The importance of research is discussed highlighting the use of archives and assessment of the project against current theoretical photography practice to put a project into context. Material that has been collected along the way should also be carefully collated into a personal archive for future use by the photographer as this can also be reflected upon and at a later time lead to new awareness and projects.

I did some research into prefabs for my last assignment and found the process of obtaining books from the library and internet to be invaluable when it came to adding some depth and background to the project.

Constant re-evaluation and reflection is crucial to the success of the project and this can only be done when a written log is kept to help assess where the work has begun and where it may be going.

As well as the need to keep a workbook which of course is just a broader version of our learning logs another useful idea was to use a voice recorder or the option on most mobile phones to keep a record of fleeting ideas that come to us at odd moments.

I checked to see if my mobile had the facility and within ten minutes of stopping at a chapter to make a cup of tea I was recording some thoughts into my phone that had occurred to me. I will transfer these to my workbook in due course.

This is a very useful book that sets out how to organise the mind and keep track.

Thursday, 2 August 2012

Assignment 3

My tutor suggested three books to read in preparation for this assignment. I enjoyed all three and managed to find something in each of them that can be applied to my project. My thoughts on the books can be found in my blog here:

Julian Germain - For Every Minute You Are Angry You Lose Sixty Seconds of Happiness

Wolfgang Muller - Karat: Sky Over St Petersburgh

Stephen King - Lewis's Fifth Floor: A Department Story

In short, I found that the Germain book had a strong and moving narrative. This is an element of photography that I really enjoy and would like to try and emulate in my own work. The Muller book was gritty and hard hitting. The King book had strong elements of design and composition in keeping with photographing the iconic interiors. My reflections on the books has made me aware of the different  approaches that can be used when faced with a project and that some are more suited than others.

I spent a lot of time reflecting on these different elements and felt a bit flummoxed when I came to deciding what to photograph. My tutor had suggested finding some derelict buildings and I did look at this. I also toyed with the idea of photographing the interior of closed retail units. What brought me up short in all of these ideas was the course requirement to photograph between four and five different buildings. I really wanted a strong narrative theme to link my images and I couldn't see a way of doing this that would also be possible within a two month time frame that I had set myself to complete this assignment. The retail units in particular would need time consuming access to be requested and granted. The typological approach could be used like the Bechers but that was an approach that I didn't want to explore at this particular moment.

I finally settled on a concept that is stretching the brief somewhat but does fit within the style and methodology shown in the three photobooks listed above. I wanted to follow my sister around from building to building as she leaves home, goes shopping and finally arrives at my mother's house. I am at the planning stage and have started a notebook of ideas to help me plan a shooting script. I will scan and post pages from this at a later stage. My shoot will take place over the course of one day and is planned for this Friday. Hopefully my planning will allow me to achieve everything that I need to capture for the assignment. In preparation for the shoot I will also be researching the buildings during the course of this week.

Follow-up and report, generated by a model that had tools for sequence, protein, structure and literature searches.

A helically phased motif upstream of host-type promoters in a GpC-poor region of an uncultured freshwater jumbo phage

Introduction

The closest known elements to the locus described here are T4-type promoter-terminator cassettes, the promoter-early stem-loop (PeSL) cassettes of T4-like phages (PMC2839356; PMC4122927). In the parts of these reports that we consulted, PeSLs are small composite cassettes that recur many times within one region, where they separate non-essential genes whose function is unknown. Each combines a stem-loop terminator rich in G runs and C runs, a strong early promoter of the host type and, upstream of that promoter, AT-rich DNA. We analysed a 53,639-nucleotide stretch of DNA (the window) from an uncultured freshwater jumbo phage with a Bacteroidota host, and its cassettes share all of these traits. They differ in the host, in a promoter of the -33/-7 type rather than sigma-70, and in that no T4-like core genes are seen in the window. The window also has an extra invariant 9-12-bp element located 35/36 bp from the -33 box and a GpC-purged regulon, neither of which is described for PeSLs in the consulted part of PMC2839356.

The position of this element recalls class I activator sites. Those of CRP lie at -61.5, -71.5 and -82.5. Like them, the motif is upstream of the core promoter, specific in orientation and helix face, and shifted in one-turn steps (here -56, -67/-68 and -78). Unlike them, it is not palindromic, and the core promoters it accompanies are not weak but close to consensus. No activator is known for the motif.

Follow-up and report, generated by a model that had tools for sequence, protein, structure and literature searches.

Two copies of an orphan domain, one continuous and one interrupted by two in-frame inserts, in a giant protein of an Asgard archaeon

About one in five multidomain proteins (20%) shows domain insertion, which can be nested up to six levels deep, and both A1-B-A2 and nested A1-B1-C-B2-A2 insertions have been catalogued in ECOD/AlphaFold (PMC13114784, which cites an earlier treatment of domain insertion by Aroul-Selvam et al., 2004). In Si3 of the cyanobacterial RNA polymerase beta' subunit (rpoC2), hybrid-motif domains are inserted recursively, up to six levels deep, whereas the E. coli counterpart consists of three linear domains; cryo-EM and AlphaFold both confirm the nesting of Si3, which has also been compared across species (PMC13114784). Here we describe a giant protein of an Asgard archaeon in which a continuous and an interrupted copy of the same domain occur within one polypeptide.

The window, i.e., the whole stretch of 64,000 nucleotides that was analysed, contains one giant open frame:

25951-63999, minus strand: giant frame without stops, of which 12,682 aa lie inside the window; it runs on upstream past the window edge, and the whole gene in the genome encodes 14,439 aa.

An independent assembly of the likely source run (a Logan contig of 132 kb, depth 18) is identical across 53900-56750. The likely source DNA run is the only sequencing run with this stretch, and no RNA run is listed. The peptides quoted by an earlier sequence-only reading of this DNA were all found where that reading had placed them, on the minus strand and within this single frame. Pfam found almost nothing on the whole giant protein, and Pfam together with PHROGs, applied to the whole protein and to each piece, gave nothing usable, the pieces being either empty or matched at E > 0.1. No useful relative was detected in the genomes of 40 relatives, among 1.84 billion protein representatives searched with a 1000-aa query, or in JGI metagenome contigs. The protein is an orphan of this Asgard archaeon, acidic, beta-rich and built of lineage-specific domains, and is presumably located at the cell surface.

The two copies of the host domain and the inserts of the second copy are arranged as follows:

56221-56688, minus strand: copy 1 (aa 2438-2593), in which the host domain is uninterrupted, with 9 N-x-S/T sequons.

Shooting script: Don't laugh at my matchstick men drawing style. Hey, it suits my needs...

Finally, after some bumps along the way and changes to my concept that have been documented in my written assignment I've finished. My new concept involved a change of building but I think it has worked out to be a stronger idea creatively than my original. My only worry is that I may have stretched the brief a bit too far. My final building has been demolished so I'm not sure how well it will be received. This was the hardest one yet and it is posted and I await feedback. The images are listed below along with accompanying text for the sequence:

Tutor Feedback:

My tutor was very positive about this assignment. That was a huge relief as this is the first time that I have ever strayed from the brief and adapted an assignment to suit my own personal interests. This approach was commented on and commended. He also mentioned that it was the first time he had seen this particular assignment use a linking narrative to bring the images together. I was pleased that my ideas worked. I really didn't want to just photograph a different set of buildings to show their uses. On reflection I would say that my liking for the narrative element of photography really helped me here and worked in my favour - In effect it spurred me on to change the brief to suit my own creative needs.

My tutor felt that the last set of images (my former home, now demolished) was inspired. I am glad that he felt this way. I was concerned I had pushed it too far by trying to photograph a building that no longer existed. He said that these images were some of the strongest in the set and the inclusion of text helped to enrich them. The last few were quite simple images and as I mentioned at the planning stage the decision to use a richer text for these was intentional. I was given some interesting leads about the process of memory, meme theory, and how photographs are interpreted through time. I found the ideas intriguing and will follow up on my reading with a view to pursue further. [edit: I have since reflected further on my tutor comments for these particular images and my thoughts have been posted here.]

I've also experimented with layouts with assessment in mind. The accompanying text for these images was presented to my tutor on separate facing sheets between the photographs. I toyed with the idea of incorporating the text onto the same page and underneath the image (as shown above.) In practise, when printed up, the text dominates and the eye is drawn to it over and over. My personal opinion is that the simpler images need time to be absorbed and I will keep all the text on a separate facing page for assessment.